Monday, August 3, 2015

The high point of the year.


Seven out of fifteen potters show up. The preponderance of no-shows may have something to do with the lady with the beehive hairdo's secretarial skills. Being blessed with unplanned for triplets makes for a somewhat scatter brained approach to village administration. '' I'm sure I posted out all the confirmation letters " she says in a tone of voice that hints at less than total certainty.


At ten we do a tour en famille. Bob and Sophie are remarkably well behaved. At eleven Angus is sent out, alone, to show willing. He is instructed not to spend too much. In light of the poor turnout this instruction is then amended to ' you'd better buy something small from every stall '




Angus returns home with a collection of artisinal mugs and small bowls. These will join prior years offerings in the basement. 'The Font' thinks Angus may have bought the smiley faced mugs last year.


The pottery kiln is lit. It blazes away. Smoke seeps out of cracks in the brickwork. The master potter seals up the cracks with putty. He  refreshes himself from a bottle of Johnny Walkers kept for such occasions. By 12.30 he's settled into a state of talkative contentment.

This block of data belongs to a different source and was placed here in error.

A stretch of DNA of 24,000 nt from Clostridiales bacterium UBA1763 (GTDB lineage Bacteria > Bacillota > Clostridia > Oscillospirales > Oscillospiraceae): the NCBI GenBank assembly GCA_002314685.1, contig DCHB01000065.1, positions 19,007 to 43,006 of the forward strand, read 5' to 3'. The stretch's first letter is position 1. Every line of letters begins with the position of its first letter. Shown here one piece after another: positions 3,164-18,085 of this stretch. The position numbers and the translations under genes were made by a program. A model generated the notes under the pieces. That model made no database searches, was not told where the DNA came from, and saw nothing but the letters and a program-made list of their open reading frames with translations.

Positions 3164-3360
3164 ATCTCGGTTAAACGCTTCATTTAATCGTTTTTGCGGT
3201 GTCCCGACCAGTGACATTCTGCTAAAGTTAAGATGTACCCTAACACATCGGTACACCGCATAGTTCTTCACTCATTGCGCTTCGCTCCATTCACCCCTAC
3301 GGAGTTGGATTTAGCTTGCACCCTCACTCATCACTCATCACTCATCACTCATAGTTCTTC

The master potter and a variety of local farmers enjoy lunch under the plane trees on the village green. Madame Bay and the ladies of the Beautiful ByeWays Committee have cooked sausage and frites. The Old Farmer, by now rather red in the face, dispenses wine from a variety of cardboard boxes. Smoke rises from the barbecue and the kiln. The mayor greets me with unexpected profondity " M'Ongoose - La vie passe comme la fumee ". Angus decides it best to nod. The heat, the boxed Malbec ( €14.39 for 5 litres from the Cash and Carry ) and Madame Bays saucisson have combined to create a moment of deep conviviality.

The conviviality doesn't last. The master potter  realizes that the kiln has gone beyond the firing stage and that some of the bricks are melting. The subsequent auction of 'fired' pottery is a muted affair. We buy what is described as a 16th century style cookery pot for €10. The only bid for what has by now become a blackened piece of clay. It takes some time to extinguish the kiln which continues to belt out smoke and ash like an Icelandic volcano.

Excitement over, life in the village can settle back into its summer torpor.


18 comments:

  1. Hoping the kiln did not disrupt air traffic flying into Toulouse.

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    1. Only if you were approaching at an altitude of less than 10,000 feet.

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  2. One has to admire their determination, but by now you would think that the village committees, and the mayor, would have given up on the idea of the pottery fair. Such a pity, but it doesn't seem to have been a resounding success, and the kiln doesn't look that ancient, if the bricks are anything to go by. Perhaps a new secretary is called for? Unexpected triplets would certainly take anyone's mind off posting invitations !